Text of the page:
Does Real Life Alchemy Exist?

Discussion in 'Chemistry' started by Alchemic, Jul 29, 2011.

  1. Tleit004 Registered Member

    the definition of alchemy has changed, but the practice is still the same, almost.
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  3. wellwisher Banned Banned

    An interesting experiment, to simulate the research conditions of alchemy, would be to do science, but without modern resources. Instead of of just doing routine science, based on acceptable traditions, the goal would be to do frontier science, without precedent, without resources, and without collective support. If you needed something you needed to invent it. That was the default criteria of alchemy; develop chemistry without precedent, inventing what they needed as they go. They also had to look over their shoulder since this was taboo.

    It is easy to sit back from a position of learned traditions and abundant technical resources, you could never invent or even service, and say let the alchemists eat cake. But if you did it the alchemy way, instead of the easy way, other types of mental resources will come into play. The symbolic analysis of alchemy came to light as the unconscious mind was trying to assist their journey into the unknown, since it was not group hug but working in isolation.

    If you look at alchemy, from a psychology POV, their difficult research criteria revealed projected data from the unconscious psyche, that is still beyond the data that we have today. That data was not from sick minds. It was from the healthy minds of doctors and other educated people, pushing their imaginations, beyond all the known frontiers, in a taboo enviroment, with their unconscious mind reacting to this strain.

    If the government was to decrease funding to science, then the easy way of mental prosthesis would be cut off. But not all scientists would have to throw in the towel, only the fair weather scientists who need the most prostheis to function. Others will continue on and have to do it the alchemy way, where you will need to depend on logic, imagination and hunches to compensate for the lack of mental prosthesis. This will make it harder to satisfy the criteria of ease, but good things still appear.
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  5. threeston Registered Member

    Stop thinking so linear. A true alchemist would never reject the best wisdom of civilization. An alchemist in any era would dedicate his mind to working on ideas that are from their perspective, just over the horizon. Since these ideas are non-extant as of yet, the vocabulary doesn't exist and their struggles towards theory has historically been looked upon as... quaint. A modern alchemist probably wouldn't call his or herself an alchemist anyway, as it would betray too much to their more rigid thinking peers. For example, an alchemist now might be interested in Von Neuman processing and what other sorts of structures might be possible based on their investigations on how that system works. Perhaps first by removing components and seeing how the structure breaks. Another thing an alchemist might work on is the idea of causality and paradox as it relates to time travel. Is there a way to reconcile various logical inconsistencies when viewing time as a structure which cant be relied upon to be linear?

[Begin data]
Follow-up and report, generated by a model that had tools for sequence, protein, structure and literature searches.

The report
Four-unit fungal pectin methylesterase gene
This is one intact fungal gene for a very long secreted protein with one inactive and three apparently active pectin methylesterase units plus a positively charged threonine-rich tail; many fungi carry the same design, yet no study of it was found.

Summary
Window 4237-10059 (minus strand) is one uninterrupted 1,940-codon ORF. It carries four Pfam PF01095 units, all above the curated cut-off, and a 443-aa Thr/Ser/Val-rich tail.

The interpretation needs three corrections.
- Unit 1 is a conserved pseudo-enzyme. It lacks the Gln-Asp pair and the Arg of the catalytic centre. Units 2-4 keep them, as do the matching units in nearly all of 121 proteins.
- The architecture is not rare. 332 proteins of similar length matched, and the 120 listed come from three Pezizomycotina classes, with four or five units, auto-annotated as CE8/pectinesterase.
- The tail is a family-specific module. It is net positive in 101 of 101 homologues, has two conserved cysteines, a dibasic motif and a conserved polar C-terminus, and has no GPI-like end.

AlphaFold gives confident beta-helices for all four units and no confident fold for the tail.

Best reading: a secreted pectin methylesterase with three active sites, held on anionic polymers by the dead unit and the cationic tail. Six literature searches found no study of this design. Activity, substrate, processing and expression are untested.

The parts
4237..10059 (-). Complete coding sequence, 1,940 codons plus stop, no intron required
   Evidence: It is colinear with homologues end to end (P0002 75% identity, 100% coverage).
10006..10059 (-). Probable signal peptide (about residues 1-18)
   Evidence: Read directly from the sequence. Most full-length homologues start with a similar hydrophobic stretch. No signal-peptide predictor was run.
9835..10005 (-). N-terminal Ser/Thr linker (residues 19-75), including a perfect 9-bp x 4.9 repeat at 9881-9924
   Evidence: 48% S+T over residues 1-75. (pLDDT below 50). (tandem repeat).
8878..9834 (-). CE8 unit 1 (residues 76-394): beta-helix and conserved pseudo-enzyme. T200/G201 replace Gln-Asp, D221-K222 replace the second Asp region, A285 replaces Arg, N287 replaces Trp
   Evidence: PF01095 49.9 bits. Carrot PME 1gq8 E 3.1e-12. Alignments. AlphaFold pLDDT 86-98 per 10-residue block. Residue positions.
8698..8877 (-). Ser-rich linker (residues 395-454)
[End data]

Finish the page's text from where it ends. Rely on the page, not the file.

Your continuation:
The word alchemy has significant etymology as it stems from k-hem which was an old word for "black dirt" or land of black dirt. Some people believe it to mean Egypt, but the ideas probably stem from even older (perhaps). And to think that alchemists only were proto-chemists is absurd. Both Newton and Libnez were alchemy FREAKS. and they only came up with umm calculus.

    Basically the point of alchemy should be seen as a somewhat loose framework, an archetype for how to approach ideas which haven't been developed formally yet. Alchemists would care nothing for problems that are already solved, they want to smash their intellect upon the problems other's deem as un-solvable. So yes, if you see someone trying to use sulpher and mercury to turn lead into gold, they are a blind follower and have probably very little to contribute. but if you see someone developing over and over again solutions to Navier stokes, because they believe it a key piece to some larger problem they want to solve, such as superfluidity and then use it to perfect some other design.

    The fact that the word chemistry came from alchemy is a sort of sad compliment. It allows people to in a way of reject any modern relevance the old ideas may contain, because there were so many people who got into it without the critical thought. The same could be said for many modern pursuits though, One of the first things someone who actually dares to investigate alchemy is that all those recipes are bullshit written by hacks who latched on to something. Alchemy is an ancient signal, its persistence lay in it's more fragile ideas which so often get mistranslated and glossed over for the surface interpretation (the veneer). Which is exactly what the lesson is about, to get over your own misconceptions. Turning leaden thoughts into more golden ones.

    what comes from k-hem? what comes from black dirt? growth.
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  7. origin In a democracy you deserve the leaders you elect. Valued Senior Member

    Or more accurately alchemy is a primative attempt at science using folklore and an undeveloped understanding of the physical world, it is no more useful today than it was then.

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